Pinpointing the correct location  

As an example, at Wise Living the first thing we consider is the location. For those renters looking at the two-to-three bed single family homes we specialise in, being close to local amenities and good transport links is often a make-or-break situation. However, we also need to be aware on behalf of our partners of areas where capital values outpace rental values.  

The next step is looking at the product type with the housebuilder and ensuring that what is being offered is right for the target market and area. This is often a sticking point with developers when they ask for pricing against certain specifications, but equally it is where early engagement and clear discussions are most worthwhile.  

By working together closely at an early stage, schemes can be finessed. Fresh house layouts and types can be looked at and specifications developed to maximise return on investment, while also providing housing that is both high quality and value for money.  

This de-risking conversation is particularly pertinent when large and challenging sites are involved. Anywhere with potential groundwork issues and lots of remediation to be done would usually throw up significant red flags for developers and investors. Identifying a partner at an early stage that can take that risk on – paying for the land upfront, then dealing with the groundwork and infrastructure side –  has its clear advantages.  

The earlier the conversation, the more the risk is shared, and the less capital is drained at the start of the project, where typically costs are at their highest. It’s a value solution that may not have been on the table before, but will be increasingly viewed as viable as the public demand for rented accommodation grows.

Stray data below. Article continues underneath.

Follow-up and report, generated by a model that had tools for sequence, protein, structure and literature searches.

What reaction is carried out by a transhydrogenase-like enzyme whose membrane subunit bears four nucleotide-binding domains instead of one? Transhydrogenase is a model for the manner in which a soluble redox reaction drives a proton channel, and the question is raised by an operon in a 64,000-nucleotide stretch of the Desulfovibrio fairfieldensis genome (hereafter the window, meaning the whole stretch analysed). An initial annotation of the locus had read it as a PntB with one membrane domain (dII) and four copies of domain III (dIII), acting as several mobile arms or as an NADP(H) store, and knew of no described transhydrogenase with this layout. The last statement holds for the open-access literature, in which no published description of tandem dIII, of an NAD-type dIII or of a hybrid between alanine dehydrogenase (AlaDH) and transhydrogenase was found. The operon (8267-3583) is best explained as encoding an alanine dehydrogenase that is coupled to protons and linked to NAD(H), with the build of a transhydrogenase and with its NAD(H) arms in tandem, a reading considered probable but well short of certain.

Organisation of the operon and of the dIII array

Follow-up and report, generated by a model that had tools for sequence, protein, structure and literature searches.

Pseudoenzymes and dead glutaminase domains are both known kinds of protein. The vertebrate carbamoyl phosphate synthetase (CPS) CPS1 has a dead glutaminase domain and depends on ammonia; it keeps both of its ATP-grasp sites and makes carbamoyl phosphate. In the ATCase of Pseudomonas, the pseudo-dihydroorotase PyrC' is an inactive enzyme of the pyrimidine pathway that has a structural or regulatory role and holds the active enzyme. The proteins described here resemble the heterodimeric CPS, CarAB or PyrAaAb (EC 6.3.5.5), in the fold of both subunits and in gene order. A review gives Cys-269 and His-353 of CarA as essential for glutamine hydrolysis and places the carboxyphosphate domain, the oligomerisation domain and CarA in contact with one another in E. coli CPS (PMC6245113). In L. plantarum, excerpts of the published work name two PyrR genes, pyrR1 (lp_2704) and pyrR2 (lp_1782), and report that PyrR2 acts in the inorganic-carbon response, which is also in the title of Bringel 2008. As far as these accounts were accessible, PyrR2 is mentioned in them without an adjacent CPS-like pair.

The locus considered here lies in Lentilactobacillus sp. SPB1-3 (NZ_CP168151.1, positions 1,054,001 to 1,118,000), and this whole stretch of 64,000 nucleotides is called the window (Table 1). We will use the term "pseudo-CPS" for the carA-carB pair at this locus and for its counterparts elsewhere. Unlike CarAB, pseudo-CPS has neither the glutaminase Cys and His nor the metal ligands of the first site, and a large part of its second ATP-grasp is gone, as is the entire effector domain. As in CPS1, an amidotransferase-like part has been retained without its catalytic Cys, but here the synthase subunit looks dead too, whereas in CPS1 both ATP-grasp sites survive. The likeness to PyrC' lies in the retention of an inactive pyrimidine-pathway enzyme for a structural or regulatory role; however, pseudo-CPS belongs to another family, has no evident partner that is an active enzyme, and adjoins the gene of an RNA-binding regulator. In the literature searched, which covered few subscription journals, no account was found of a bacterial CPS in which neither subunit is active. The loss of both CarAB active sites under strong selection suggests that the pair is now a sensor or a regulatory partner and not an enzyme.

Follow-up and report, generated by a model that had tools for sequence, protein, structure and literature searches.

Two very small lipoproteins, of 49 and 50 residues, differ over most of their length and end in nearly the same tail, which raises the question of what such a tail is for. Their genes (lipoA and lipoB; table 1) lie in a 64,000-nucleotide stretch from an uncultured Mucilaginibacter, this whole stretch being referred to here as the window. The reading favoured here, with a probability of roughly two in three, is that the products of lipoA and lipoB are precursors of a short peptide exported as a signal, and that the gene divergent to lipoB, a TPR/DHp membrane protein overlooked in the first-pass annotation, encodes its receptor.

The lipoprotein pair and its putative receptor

Changing a mindset  

It’s no secret that private rental properties are some of the worst maintained properties in the UK, which is why there’s a lot of pressure through legislation to try and rectify standards across the board. At Wise Living, our end-to-end service proposition provides an altogether different experience and means that we can ensure quality at every stage.  

Because Wise Living also handles the letting process, vetting of tenants and the continued maintenance of the homes and surrounding greenery, this type of service is helping to debunk the perception that some rented housing can be unpleasant and not well-built or maintained.   

We can add value to a scheme, rather than detract from it as we work with our partners to create genuine family homes that are professionally managed without hidden fees. So, not only can a BTR partner like Wise Living provide reassurance in the early stages by helping to design the best scheme, take on challenging locations and buy the units as fast as they can be built – the tenants will also be happy.  

It’s a mindset that is changing among tenants, and investors and developers are catching on that there is a growing niche in the market, but only if you select the right partner. Finding that partner thatdoes the heavy lifting when it comes to coordinating value for BTR opportunities makes the process more efficient, less risky and speeds up return on investment.  

For more information about Wise Living visit www.wiselivinghomes.co.uk    

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BDC 319 : Aug 2024